Around 500 years ago during the Renaissance era a number of charitable money lenders were created across what is now Tuscany in Italy to combat the damaging effects of loan sharks. Back then merchant bankers still limited their business to the noble or political and religious elite until Franciscan Friars persuaded the Vatican to found a bank that would set interest rates at cost and take collateral. These banchi di pegn (or pawnbrokers) and similar banks then begun to spread with one rich trading city-state, that of Siena, creating their very own such bank with taxpayers’ money. This innovative project grew a core portfolio of agricultural loans along with other banking business to a previously neglected populous. After a significant loss financing the exploration of Christopher Columbus in 1492 its rotating structure of leadership instilled a risk-averse culture and lending practice.
In 1624, after around two centuries of such profitable activity, this bank changed its name to Monte dei Paschi di Siena (BMPS). It’s relatively stable business model continued to make profits and acquire farmland and develop other businesses for another couple of centuries. By the 1900s it had begun to expand across the nascent unified Italy. A few decades later, in the economic crisis of the 1930s, BMPS remained resilient and throughout the late 80s it was considered Italy’s most profitable bank.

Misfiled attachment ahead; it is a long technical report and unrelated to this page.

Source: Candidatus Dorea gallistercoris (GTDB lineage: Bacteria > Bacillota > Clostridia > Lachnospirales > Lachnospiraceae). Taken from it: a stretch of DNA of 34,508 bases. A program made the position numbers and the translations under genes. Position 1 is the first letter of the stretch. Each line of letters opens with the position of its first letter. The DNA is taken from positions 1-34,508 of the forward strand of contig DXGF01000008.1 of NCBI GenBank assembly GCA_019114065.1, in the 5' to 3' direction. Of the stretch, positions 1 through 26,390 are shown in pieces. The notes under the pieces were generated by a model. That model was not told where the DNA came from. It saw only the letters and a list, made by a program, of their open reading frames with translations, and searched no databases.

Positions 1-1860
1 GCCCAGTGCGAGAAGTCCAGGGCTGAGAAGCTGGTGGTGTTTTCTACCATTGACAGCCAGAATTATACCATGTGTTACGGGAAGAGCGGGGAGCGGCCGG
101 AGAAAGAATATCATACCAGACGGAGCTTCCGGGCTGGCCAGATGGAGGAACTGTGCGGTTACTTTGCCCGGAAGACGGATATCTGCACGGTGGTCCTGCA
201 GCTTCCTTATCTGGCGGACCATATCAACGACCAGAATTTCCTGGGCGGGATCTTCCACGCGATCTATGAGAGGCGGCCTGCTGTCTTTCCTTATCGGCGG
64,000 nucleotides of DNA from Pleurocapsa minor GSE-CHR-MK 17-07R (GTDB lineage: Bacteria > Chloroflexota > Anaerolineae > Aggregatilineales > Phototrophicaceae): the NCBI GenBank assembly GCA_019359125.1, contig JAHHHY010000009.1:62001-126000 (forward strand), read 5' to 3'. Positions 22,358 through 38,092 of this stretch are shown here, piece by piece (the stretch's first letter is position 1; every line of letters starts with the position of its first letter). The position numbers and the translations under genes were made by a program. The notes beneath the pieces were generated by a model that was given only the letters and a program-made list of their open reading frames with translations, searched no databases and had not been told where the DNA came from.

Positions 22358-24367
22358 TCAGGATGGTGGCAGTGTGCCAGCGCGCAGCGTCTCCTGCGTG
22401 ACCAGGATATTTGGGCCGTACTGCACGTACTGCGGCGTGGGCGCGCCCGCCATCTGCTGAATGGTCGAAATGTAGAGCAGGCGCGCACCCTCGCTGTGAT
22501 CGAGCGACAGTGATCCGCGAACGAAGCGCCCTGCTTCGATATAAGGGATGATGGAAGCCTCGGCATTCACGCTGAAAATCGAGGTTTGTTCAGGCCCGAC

However expanding rapidly in the 90s drained the bank’s reserves and profits leading to its public offering in 1999. Some failed and successful acquisitions and mergers further shifted BMPS sources of profit and risk. Then in 2012 during the European sovereign-debt crisis, as a major holder of Italian government debt, the bank suffered losses in excess of $2 billion. Following this came the 2013 scandal of hidden losses and derivatives with further recapitalisation and bailouts. And now (just like half a millennium ago) the bank may receive taxpayers’ money but this time as a lifeline in the form of €15bn of EU state aid.
Investing in such temporary propping is not part of our investment philosophy and until there is a fundamental basis for investing in the region we see other creditor regions offering much more favourable risk adjusted returns. Had we had the opportunity over the past five hundred years perhaps we would have invested in a number of Italian credits such as Monte dei Paschi di Siena; companies with strong asset bases and proven business models afford the breathing space to cope with shocks and monitor any trends of deteriorating business or financial health. But in recent decades Italy’s financial health has mostly followed a similar story to that of BMPS and in the face of such indebtedness, necessity of rescue packages and the political headwinds (as Matteo Renzi looks set to resign later today) Italy along with much of indebted Europe does not seem to offer long term fundamental value.